Snap is a notoriously private company, because Evan Spiegel doesn’t like to tell people — even his employees — what he’s doing.
Now Snap is going public, so Spiegel will have tell lots of people lots of things about what he’s doing.
So why is Spiegel taking his company public now?
One reason, people close to the company tell me, is that Spiegel thinks that running a private company isn’t ambitious enough. He thinks that running a public company is what you do if you want to be a real Titan of Industry, like IAC’s Barry Diller.
And now we can see another reason: Spiegel’s investors have given him a huge incentive to go public. Once Snap finishes its IPO, the company will give him another 3 percent of its shares.
If Snap goes out at a value of $25 billion, those shares will be worth $750 million; assuming the company gets a “pop” in valuation when it actually starts trading, the shares will be worth even more.
A $750 million bonus is a very nice payday for a normal person, but Spiegel isn’t a normal person: Even without the bonus, his 22 percent stake in Snap would be worth about $5.5 billion. Adding in the extra shares will get him to about $6.25 billion.
Why do you need to give a billionaire a bonus? Here’s Snap’s official explanation, from its S-1 filing: It will “motivate him to continue growing our business and improving our financial results so that we could undertake an initial public offering, which we regard as an important milestone that will provide liquidity to our stockholders and employees.”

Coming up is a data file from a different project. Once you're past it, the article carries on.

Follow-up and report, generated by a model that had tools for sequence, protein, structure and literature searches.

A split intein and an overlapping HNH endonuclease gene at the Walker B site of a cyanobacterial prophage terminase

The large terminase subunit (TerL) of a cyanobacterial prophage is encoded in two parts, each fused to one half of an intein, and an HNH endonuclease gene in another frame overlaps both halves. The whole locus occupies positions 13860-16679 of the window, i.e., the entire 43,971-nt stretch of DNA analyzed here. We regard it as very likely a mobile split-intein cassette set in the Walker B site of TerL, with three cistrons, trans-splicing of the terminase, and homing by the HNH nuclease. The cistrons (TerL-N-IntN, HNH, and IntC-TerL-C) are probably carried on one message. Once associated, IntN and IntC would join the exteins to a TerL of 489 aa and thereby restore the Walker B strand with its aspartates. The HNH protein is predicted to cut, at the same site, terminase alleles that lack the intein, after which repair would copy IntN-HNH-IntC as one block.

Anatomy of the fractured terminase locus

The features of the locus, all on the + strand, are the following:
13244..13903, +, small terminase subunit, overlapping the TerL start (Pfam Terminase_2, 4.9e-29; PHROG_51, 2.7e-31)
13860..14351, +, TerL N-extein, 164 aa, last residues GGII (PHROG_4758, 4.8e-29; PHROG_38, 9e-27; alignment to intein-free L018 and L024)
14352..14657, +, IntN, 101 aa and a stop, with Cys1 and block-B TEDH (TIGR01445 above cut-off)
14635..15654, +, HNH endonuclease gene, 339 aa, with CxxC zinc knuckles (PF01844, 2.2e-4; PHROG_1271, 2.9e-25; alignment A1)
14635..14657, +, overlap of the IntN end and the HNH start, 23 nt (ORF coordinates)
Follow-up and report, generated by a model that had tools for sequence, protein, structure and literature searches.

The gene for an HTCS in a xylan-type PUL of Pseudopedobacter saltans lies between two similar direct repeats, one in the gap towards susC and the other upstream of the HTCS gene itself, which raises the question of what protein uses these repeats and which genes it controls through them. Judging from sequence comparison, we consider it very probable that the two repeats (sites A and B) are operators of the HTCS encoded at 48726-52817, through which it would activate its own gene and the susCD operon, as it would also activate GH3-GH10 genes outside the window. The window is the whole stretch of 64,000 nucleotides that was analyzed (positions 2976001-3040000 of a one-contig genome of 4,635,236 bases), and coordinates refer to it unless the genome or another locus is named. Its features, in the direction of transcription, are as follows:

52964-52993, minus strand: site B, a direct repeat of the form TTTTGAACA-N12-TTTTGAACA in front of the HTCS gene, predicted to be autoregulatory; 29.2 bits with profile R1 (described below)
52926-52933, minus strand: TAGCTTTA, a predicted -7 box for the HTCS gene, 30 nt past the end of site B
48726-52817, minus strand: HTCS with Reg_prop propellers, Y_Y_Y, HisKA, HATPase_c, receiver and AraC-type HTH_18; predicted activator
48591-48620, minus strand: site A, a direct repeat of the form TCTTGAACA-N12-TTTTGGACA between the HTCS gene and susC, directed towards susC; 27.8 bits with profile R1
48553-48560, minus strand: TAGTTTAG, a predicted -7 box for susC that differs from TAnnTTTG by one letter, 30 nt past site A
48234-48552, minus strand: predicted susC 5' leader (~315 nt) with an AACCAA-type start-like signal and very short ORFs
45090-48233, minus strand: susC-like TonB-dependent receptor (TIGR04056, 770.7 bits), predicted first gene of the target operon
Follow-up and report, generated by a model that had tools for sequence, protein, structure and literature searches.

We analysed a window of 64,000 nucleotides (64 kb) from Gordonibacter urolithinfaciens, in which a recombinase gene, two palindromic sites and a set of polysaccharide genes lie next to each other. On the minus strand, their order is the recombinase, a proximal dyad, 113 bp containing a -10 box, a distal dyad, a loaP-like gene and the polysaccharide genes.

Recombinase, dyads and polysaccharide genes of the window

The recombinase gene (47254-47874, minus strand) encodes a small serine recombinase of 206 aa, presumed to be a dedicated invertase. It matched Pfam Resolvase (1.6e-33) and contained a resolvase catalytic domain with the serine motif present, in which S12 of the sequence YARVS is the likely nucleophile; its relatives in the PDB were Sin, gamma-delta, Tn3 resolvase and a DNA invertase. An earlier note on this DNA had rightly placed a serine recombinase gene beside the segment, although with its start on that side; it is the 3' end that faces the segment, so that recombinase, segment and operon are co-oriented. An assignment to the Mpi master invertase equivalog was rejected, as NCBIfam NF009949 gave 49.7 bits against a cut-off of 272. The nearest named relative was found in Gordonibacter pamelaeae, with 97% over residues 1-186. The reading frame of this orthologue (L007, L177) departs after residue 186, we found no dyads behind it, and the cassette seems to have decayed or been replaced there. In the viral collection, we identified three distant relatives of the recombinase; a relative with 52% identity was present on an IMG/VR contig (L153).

Here’s the full description of Spiegel’s bonus:
“Under the terms of his offer letter, Mr. Spiegel will be granted an award of RSUs for shares of Series FP preferred stock representing 3.0% of our outstanding capital stock on an as-converted basis on the closing of this offering, which will be fully vested on the closing of this offering and such shares will be delivered to Mr. Spiegel in equal quarterly installments over three years beginning in the third full calendar quarter following this offering. For the purposes of Mr. Spiegel’s offer letter, outstanding capital stock includes shares sold by us in this offering and all shares subject to outstanding restricted stock units that, on the closing of this offering, have met the performance condition and service-based vesting condition. Our board of directors approved the award to Mr. Spiegel in July 2015 to motivate him to continue growing our business and improving our financial results so that we could undertake an initial public offering, which we regard as an important milestone that will provide liquidity to our stockholders and employees.”
This article originally appeared on Recode.net.